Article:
Reactions to the National Football League

You can't pledge allegiance to something that has [no] allegiance towards you.(1) - Diavian Gunner

I Know My Rights

The U.S. National Football League recently ruled that players who kneeled during the national anthem would be fined. Thus, interviewers asked the narrators to describe their personal views on the importance and significance of kneeling during the national anthem. A handful of narrators called attention to the media’s twisted portrayal of Colin Kaepernick and the colleagues that decided to join him in kneeling. They felt that most news reports, both broadcasted and published, aimed to depict the participating football players as bad people only interested in protesting against veterans and the country. As a result of this web of deception, narrators believed that the public forgot the initial reason for Kaepernick's kneeling.

However, as a whole, every narrator remained open-minded to the movement. Even for Ashley Pricher and Aaron Taylorthe former having received military training while the latter actively served in the Army National Guardthey understood the significance behind the N.F.L players taking a knee during the national anthem. Neither narrator viewed it as disrespectful towards the soldiers, rather they saw it as a direct reaction to the lyrics of the actual song itself.




Christhiena Stinson

"It was because in the lyrics of the national anthem it’s what they’re saying about the land of the free, home of the brave, stuff like that, and it doesn’t apply for the black community cause’ we’re not free; most of our black people are in jail. All of the stuff that they’re saying inside the national anthem is pretty much tended to the white men, not necessarily the black community or black people period. So, it’s contradicting. So, I’m not gonna stand up for you if you’re not talking about me."(2) - Christhiena Stinson

Nicha Smith

"As a country we’ve proven not to be united, especially when we voted in a president that wanted to separate us. So, what is so wrong about taking that knee to say, 'Hey, we [are] supposed to [be] singing something that unites us, but as a country we’re not united right now.'"(3) - Nicha Smith

Many narrators “loved it” and found it a “great idea.”(4) To them, the choice to kneel during the national anthem represented something bigger than the flag, the veterans, and the women and men currently serving. It symbolized the racial injustice prevalent in the country, specifically drawing attention to the bias and discrimination the black community experienced. As a result, some narrators questioned how they could be asked to stand for a flag that failed to represent them. In her interview, Elizabeth Wright recalled her grandfather’s warning that advised her not to join the military, asking her why risk her life for a country that would not reciprocate the gesture. Reflecting on this, Wright acknowledged that while most people viewed the flag as a symbol of freedom and individual rights, this did not necessarily mean it represented every American:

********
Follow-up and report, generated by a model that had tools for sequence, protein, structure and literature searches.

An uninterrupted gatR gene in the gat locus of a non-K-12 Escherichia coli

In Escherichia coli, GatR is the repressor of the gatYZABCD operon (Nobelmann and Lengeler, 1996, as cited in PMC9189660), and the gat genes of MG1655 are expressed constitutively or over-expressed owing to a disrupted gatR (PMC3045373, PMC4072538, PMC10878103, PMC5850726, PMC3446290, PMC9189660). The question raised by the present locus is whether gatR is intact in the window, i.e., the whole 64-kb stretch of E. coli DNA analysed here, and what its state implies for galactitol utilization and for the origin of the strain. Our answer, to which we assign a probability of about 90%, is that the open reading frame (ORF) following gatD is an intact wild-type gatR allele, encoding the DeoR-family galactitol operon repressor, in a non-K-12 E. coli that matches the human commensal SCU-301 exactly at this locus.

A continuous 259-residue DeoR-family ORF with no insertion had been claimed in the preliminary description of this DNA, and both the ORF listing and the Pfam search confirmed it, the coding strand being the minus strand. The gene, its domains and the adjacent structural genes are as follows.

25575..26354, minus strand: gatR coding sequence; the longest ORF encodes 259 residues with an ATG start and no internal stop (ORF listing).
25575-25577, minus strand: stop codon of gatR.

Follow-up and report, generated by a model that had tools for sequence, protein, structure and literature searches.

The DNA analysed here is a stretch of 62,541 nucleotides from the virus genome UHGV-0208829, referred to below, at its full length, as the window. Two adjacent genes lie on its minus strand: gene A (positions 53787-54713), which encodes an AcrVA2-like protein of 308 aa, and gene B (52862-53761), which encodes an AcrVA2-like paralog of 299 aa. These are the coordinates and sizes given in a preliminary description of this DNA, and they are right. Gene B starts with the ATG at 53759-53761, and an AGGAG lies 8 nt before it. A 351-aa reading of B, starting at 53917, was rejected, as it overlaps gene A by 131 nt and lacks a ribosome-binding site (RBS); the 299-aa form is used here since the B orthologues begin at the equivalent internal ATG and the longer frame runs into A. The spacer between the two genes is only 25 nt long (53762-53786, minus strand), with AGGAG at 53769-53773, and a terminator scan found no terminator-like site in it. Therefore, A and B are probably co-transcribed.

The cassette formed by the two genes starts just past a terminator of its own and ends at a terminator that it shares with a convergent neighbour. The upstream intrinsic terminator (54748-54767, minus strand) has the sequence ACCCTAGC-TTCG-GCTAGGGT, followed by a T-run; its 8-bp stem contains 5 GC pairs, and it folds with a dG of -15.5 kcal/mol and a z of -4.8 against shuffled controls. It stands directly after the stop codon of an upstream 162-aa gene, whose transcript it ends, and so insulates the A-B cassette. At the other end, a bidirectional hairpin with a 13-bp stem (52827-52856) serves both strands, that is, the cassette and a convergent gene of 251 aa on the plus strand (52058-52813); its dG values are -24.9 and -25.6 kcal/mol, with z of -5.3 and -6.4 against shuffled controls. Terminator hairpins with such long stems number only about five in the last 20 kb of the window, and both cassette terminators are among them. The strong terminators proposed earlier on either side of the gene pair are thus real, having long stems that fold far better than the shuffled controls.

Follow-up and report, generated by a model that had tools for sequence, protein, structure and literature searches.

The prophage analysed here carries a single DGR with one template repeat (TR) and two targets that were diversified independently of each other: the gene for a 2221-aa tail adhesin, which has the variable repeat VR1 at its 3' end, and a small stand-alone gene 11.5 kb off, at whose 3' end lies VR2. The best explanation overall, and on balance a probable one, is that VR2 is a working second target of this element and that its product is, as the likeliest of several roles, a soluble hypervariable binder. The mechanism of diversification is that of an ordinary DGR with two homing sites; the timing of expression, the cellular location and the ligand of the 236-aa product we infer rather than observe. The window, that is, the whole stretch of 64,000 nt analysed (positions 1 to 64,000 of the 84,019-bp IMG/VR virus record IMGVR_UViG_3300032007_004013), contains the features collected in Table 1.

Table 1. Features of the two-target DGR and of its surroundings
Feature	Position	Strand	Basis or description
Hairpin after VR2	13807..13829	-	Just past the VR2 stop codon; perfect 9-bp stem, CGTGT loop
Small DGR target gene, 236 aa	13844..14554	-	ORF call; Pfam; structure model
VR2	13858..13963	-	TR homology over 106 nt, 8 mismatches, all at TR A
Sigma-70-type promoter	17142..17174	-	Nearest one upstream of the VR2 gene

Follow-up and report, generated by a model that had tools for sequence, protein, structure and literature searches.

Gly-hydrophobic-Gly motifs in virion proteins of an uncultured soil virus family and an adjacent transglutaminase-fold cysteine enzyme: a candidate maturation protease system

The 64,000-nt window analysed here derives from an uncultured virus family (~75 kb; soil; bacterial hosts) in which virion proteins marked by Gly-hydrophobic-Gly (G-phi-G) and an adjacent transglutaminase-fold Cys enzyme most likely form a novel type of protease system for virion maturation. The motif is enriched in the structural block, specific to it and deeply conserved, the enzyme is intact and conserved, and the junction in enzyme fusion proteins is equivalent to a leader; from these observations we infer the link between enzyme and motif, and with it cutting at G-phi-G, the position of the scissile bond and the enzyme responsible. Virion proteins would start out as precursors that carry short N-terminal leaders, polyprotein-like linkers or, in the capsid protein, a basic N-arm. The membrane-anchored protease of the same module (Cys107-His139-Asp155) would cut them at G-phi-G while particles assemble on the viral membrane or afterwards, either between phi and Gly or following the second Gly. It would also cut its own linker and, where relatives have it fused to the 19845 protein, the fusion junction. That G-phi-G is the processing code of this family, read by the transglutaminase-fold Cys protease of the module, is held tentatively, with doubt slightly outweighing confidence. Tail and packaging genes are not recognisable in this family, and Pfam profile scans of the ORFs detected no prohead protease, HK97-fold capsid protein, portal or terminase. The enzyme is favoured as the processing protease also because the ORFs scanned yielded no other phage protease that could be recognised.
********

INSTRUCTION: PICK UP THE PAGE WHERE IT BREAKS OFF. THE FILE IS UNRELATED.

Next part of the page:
Elizabeth Wright

"And I said, 'I think you’re right, but does America stand for black people as a whole?'"(5) - Elizabeth Wright

These narrators “firmly believed that they have the right to do what they want in America,” and this included “[standing] up for something” they believed in.(6) 

A few narrators felt hesitant and unsure of how to approach the situation. In these interviews, they all discussed how they participated in standing to recite the pledge of allegiance as kids. Although still accepting and sympathetic to the movement, their thoughts on the event remained conflicted between fighting for their rights and continuing to do something that they’ve always been taught to honor.

The Ambassador of Conscience Award

1. Diavian Gunner, interview by Julia Pavlow, November 14th, 2017, transcript, Millersville University Archives and Special Collections, Millersville, PA

2. Christhiena Stinson, interview by Alicen Reigel, May 9th, 2018, transcript, Millersville University Archives and Special Collections, Millersville, PA

3. Nicha Smith, interview by Meranda Pfamatter, April 30th, 2018, transcript, Millersville University Archives and Special Collections, Millersville, PA

4. Unnamed Narrator, interview by Riley Sharp, April 7th, 2018, transcript, Millersville University Archives and Special Collections, Millersville, PA

5. Elizabeth Wright, interview by Michael Lynch and Eliana Pablon, December 6th, 2017, transcript, Millersville University Archives and Special Collections, Millersville, PA

6. Jordan Yates, interview by Tyler Funk, September 28th, 2018, transcript, Millersville University Archives and Special Collections, Millersville, PA

Reactions to the National Football League